Tuesday, Apr 24, 2018
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A real problem, sort of, eventually

Welcome to another online world that encourages players to create a character and try to live a fantasy life. If your life isn t interesting or busy enough, in "Second Life" you can build your own home, or island online. Or you can go bar hopping with other characters online.

However, "Second Life" players use the game s scripting language to write code to alter their creations, or add to their possessions. Then, inevitably, people end up squabbling in real life over virtual things, and the law must make a real appearance in the fantasy world.

Virtual property rights have begun to be debated in online gaming.

Most game developers say that all characters and objects created in digital worlds belong exclusively to the game company. However, "Second Life" players supposedly own the characters and objects they construct.

While you re wondering about your local school district s funding for the next year, consider that players in such games as "Ultima Online," "EverQuest," and "Second Life" trade $880 million worth of virtual goods each year, according to IGE Ltd., (www.ige.com/) an online currency and property trading site. Also note that eBay currently has more than 10,000 virtual items for sale.

Need "World of Warcraft" gold?

It s selling for as low as $47.99 per 500 gold on some servers.

Players use real credit cards or PayPal, request a meeting time in a game s virtual bazaar, notify IGE of their character name, and take possession of something, sort of.

U.S. case law has yet to speak in detail on virtual property rights. But last December a Beijing court ordered the restitution of a "Legend of Mir 3" player s stolen virtual dragon sabre, giving the People s Republic the current lead over the United States on the idea of property rights.

Go figure.

Reporters Without Borders reported this week that an Iranian writer arrested in a crackdown against online dissent has been sentenced to two years in prison for "insulting the supreme leader" Ayatollah Ali Khamenei. Mojtaba Saminejad is also due to be tried soon on a separate charge of insulting the prophets, which carries a possible death penalty.

Saminejad, 25, of Qom, who has been jailed since September 2004, was arrested with some 20 other Internet writers and technicians working for pro-reform Web sites.

On February 22, an Iranian journalist and blogger Arash Sigarchi, 28, was given 14 years after a set of charges ranging from espionage to insulting Iran s leaders was applied. Sigarchi is a newspaper editor in Gilan, Iran. The Reporters Without Borders Web site said that Sigarchi had been updating a blog tracking the arrest of Internet journalists, and other bloggers.

On to China, where authorities have ordered all Web sites and blogs to register before June 30 or be closed down. Commercial publishers and advertisers face fines for failing to register, according to documents posted on the Ministry of Information Industry Web site.

At least 54 people have been jailed for posting essays or other content online that is deemed subversive. The Chinese government has developed a new Net Crawler System that monitors sites in real time and searches each Web address for its registration number," said one document listing questions and answers about the regulations. The government has also installed surveillance cameras and is requiring visitors to Shanghai Internet cafes to register using their official identity cards.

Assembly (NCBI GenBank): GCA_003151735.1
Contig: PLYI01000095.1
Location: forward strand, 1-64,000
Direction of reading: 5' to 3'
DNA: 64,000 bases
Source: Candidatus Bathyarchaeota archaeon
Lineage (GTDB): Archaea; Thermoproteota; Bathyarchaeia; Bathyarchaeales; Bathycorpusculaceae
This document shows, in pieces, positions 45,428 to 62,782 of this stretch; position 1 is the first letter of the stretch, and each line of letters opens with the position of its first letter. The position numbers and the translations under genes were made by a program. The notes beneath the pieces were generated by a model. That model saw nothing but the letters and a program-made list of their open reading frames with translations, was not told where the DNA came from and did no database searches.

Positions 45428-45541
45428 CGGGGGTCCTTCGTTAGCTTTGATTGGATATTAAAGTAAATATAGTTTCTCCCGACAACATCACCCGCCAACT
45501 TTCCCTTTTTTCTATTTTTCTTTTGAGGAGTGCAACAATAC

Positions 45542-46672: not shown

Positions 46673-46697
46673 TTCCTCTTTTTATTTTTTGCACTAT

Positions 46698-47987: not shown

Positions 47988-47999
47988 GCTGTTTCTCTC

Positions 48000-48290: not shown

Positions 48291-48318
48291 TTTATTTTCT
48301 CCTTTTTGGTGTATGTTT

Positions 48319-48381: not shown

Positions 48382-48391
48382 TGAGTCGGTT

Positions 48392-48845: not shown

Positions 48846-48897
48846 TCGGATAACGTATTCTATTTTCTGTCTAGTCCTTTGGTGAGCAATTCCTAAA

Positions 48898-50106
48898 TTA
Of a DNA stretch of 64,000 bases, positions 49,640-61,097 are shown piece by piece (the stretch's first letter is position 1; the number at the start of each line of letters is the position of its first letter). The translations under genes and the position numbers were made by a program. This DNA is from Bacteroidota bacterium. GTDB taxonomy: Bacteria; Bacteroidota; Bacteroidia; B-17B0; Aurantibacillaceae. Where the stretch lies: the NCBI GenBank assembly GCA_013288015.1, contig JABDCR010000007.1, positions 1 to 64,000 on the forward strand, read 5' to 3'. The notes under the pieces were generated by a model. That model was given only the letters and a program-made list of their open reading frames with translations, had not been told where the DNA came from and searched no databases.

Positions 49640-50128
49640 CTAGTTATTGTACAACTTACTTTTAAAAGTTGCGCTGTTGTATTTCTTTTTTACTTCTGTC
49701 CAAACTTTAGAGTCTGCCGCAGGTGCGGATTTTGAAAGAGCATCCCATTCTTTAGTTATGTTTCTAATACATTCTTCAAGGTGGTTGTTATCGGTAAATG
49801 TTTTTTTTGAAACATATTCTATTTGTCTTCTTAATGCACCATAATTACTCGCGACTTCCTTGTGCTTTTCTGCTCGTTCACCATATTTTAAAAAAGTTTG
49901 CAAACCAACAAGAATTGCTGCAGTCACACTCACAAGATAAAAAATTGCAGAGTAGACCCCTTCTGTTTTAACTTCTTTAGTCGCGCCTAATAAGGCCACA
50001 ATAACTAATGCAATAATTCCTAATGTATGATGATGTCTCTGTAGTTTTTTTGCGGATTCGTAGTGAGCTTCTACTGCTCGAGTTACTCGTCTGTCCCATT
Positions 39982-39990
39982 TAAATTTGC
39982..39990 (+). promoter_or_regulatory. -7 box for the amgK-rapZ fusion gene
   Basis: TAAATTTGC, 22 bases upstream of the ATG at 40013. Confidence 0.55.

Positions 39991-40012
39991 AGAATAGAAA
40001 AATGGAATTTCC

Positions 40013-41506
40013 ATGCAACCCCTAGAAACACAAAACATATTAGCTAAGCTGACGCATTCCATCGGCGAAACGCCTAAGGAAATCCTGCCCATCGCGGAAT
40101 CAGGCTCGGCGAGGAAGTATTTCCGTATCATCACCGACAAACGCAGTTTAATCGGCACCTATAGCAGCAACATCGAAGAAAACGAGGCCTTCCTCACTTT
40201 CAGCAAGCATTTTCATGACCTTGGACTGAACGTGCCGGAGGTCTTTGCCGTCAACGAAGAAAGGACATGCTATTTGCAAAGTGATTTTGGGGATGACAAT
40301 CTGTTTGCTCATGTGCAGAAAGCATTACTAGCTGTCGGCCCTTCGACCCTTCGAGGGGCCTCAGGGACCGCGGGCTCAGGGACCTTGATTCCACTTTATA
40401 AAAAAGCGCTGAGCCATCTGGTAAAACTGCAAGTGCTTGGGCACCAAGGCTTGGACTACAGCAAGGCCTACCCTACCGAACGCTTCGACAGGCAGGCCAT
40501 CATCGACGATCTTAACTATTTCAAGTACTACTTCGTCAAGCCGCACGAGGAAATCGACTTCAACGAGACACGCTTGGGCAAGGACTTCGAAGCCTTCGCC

According to the site, "a China-based blogger told Reporters Without Borders on condition of anonymity that the Shanghai police recently rendered his Web site inaccessible because it had not been registered. He then phoned the MII to ask what he had to do in order to register, and was told that in his case it was not worth bothering because there was no chance of an independent blog getting permission to publish. "

According to San Diego-based research firm Current Analysis, notebooks have for the first time outsold desktops in the U.S. in a calendar month. Current Analysis says notebook sales in the U.S. accounted for 53 percent of the total personal computer market last month, up from 46 percent during the same period last year. Some other numbers:

• Notebook prices fell 17 percent during the past year (desktop prices only 4 percent).

• 95 percent of notebooks offered WIFI this year (80 percent last year).

Look up the stock quotes of information juggernauts and find that the market value of Internet search engine Google (GOOG) was listed at $80.82 billion, while the world s largest media company Time Warner (TWX) was listed at only $79.75 billion.

Only 10 days remaining before the June 18 Grandma s Marathon in Duluth, Minnesota. Fine time to learn a lesson about heat.

Our last long training run (20 miles) occurred Sunday, coincidentally a record day for temperatures in the Toledo area. Even a 7:30 a.m. start on the University Trail was not soon enough to avoid 10 a.m. temperatures in the 80s. By Mile 13, the heat had melted the run into an awkward jog, shuffle, and walk. When we finished 20 and the color returned to my face we consulted the "Runners World" heat guide.

Lessons learned: There is no such thing as too much liquid when the heat index is in the 90s; find trails (Wildwood) that are more shaded than trails that are exposed to the sun (University Trail); complete the majority of the run before sunrise or after sunset.

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